The overall GI of each participant’s diet was calculated by summing the weighted GI of individual foods in the diet, with the weighting proportional to the contribution of individual foods to total carbohydrate intake. The GL of each food item was calculated by multiplying each food’s GI by the amount of available carbohydrate (g) per serving: GL = GI (%) × carbohydrate(g). Overall dietary GL was then determined as the product of the food’s GL and the participant’s frequency of consumption, summed over all foods.
Concurrent validity of the FFQ compared with the WFRs was assessed using four primary methods:
1. Comparison of group means.
2. Pearson product–moment and Spearman ranked correlations.
3. Bland–Altman limits of agreement (LOA)Reference Bland and Altman3, in which the mean agreement between the two methods, i.e. FFQ and WFR, was calculated. The LOA define the limits within which 95% of these differences are expected to fall (mean±two standard deviations of the differences). The differences between the two methods were plotted against the average of the two methods. Any dependency between the two methods was tested by fitting the regression line of differences (Ho: β = 0, α = 0.05), i.e. ideally if the two methods are equally variable, the correlation between the differences would equal zero. Natural log (ln) transformation was performed since the dietary data were skewed, as recommended by Bland and AltmanReference Bland and Altman3.
4. Joint classification of nutrient intake assessed by the FFQ and the average of the three WFRs was assessed using quintiles of intake for each nutrient from the FFQ and WFR, respectively. The proportion grossly misclassified applied when one dietary assessment method classified the individual’s intake into the lowest quintile and the other method classified it into the highest quintile. Cohen’s weighted kappa values were calculated comparing quintiles of intake for each nutrient from the FFQ and WFRReference Fleiss33.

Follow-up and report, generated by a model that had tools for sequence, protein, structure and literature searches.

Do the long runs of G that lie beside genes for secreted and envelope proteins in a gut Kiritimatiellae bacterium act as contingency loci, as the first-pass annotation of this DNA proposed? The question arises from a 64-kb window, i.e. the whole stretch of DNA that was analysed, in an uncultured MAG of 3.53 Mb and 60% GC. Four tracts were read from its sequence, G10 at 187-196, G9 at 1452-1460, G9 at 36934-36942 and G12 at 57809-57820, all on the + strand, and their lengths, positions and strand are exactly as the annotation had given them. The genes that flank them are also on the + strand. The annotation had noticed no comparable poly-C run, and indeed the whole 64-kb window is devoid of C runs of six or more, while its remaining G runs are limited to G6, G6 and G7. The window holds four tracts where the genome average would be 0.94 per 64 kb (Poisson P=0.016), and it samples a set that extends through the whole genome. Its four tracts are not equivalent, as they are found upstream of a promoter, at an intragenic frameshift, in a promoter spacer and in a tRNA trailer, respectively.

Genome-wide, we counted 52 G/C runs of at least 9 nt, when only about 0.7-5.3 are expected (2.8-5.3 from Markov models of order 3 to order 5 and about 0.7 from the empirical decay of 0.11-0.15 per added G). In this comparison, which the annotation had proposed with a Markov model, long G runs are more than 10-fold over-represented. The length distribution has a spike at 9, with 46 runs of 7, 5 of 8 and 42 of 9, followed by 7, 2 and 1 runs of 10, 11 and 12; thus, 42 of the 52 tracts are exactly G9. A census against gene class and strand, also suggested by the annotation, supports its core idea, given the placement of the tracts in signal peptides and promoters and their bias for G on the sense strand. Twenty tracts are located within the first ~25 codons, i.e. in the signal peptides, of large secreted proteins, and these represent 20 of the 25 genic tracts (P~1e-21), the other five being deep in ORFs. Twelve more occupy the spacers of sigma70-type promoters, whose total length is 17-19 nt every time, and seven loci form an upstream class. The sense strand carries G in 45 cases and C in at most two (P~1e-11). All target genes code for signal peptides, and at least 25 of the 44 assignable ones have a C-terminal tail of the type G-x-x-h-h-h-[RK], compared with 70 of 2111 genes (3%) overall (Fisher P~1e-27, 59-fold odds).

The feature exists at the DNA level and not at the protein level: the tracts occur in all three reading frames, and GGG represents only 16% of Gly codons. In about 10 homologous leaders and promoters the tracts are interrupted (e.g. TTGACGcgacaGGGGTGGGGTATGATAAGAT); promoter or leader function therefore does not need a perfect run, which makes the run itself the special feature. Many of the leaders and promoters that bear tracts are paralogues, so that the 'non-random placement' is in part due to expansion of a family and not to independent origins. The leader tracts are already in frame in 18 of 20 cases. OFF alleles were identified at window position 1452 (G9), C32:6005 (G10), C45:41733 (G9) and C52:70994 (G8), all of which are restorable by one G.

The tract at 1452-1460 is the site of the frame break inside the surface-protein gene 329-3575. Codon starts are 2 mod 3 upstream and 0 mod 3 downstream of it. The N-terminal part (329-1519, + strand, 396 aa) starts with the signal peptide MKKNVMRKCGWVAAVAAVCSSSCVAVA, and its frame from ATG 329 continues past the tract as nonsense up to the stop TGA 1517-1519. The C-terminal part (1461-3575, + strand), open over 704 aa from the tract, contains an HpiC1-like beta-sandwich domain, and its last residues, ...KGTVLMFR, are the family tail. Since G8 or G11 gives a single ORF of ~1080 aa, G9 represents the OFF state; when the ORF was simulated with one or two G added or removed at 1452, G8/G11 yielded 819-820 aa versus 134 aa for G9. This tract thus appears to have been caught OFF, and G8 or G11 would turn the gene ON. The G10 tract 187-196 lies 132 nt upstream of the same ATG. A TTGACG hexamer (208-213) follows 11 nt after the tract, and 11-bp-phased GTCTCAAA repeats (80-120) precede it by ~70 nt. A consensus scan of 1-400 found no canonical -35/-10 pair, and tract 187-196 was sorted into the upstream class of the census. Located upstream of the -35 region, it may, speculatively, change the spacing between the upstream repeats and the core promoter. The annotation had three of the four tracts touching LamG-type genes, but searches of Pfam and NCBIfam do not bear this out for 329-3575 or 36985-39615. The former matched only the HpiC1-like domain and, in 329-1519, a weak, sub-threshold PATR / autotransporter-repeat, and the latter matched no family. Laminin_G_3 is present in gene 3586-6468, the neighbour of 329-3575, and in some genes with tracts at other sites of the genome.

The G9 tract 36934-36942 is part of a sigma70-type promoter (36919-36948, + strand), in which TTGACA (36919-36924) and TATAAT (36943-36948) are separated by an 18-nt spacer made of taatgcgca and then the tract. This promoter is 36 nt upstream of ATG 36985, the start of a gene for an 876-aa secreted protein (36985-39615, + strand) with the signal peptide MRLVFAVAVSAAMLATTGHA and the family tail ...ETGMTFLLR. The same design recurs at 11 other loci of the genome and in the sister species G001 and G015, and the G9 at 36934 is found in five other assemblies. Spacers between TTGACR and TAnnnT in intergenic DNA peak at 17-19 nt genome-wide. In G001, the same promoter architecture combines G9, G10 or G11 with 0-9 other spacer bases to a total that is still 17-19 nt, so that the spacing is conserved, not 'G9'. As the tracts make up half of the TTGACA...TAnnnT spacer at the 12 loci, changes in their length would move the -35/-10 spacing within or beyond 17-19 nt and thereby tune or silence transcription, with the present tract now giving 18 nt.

For all methods, all nutrients were adjusted for total energy using the residual methodReference Willett and Stampfer34. Energy adjustment was done separately for each FFQ and the average of the three WFRs.
All statistical analyses were performed using SPSS version 14.0.0 (SPSS Inc., 2002).
Individuals who completed a usable FFQ were, on average, 1 year younger than the study population as a whole, but they were no more likely to have serious eye disease (data not shown). The proportion of men (45%) and women (55%) participating in the validation and BMES studies was similar. By design, those participating in the validation study were older than those participating in the BMES study, by a mean difference of approximately 5 years (age 65 years in BMES and 70 years in the validation study; P < 0.0001).
Comparison of group means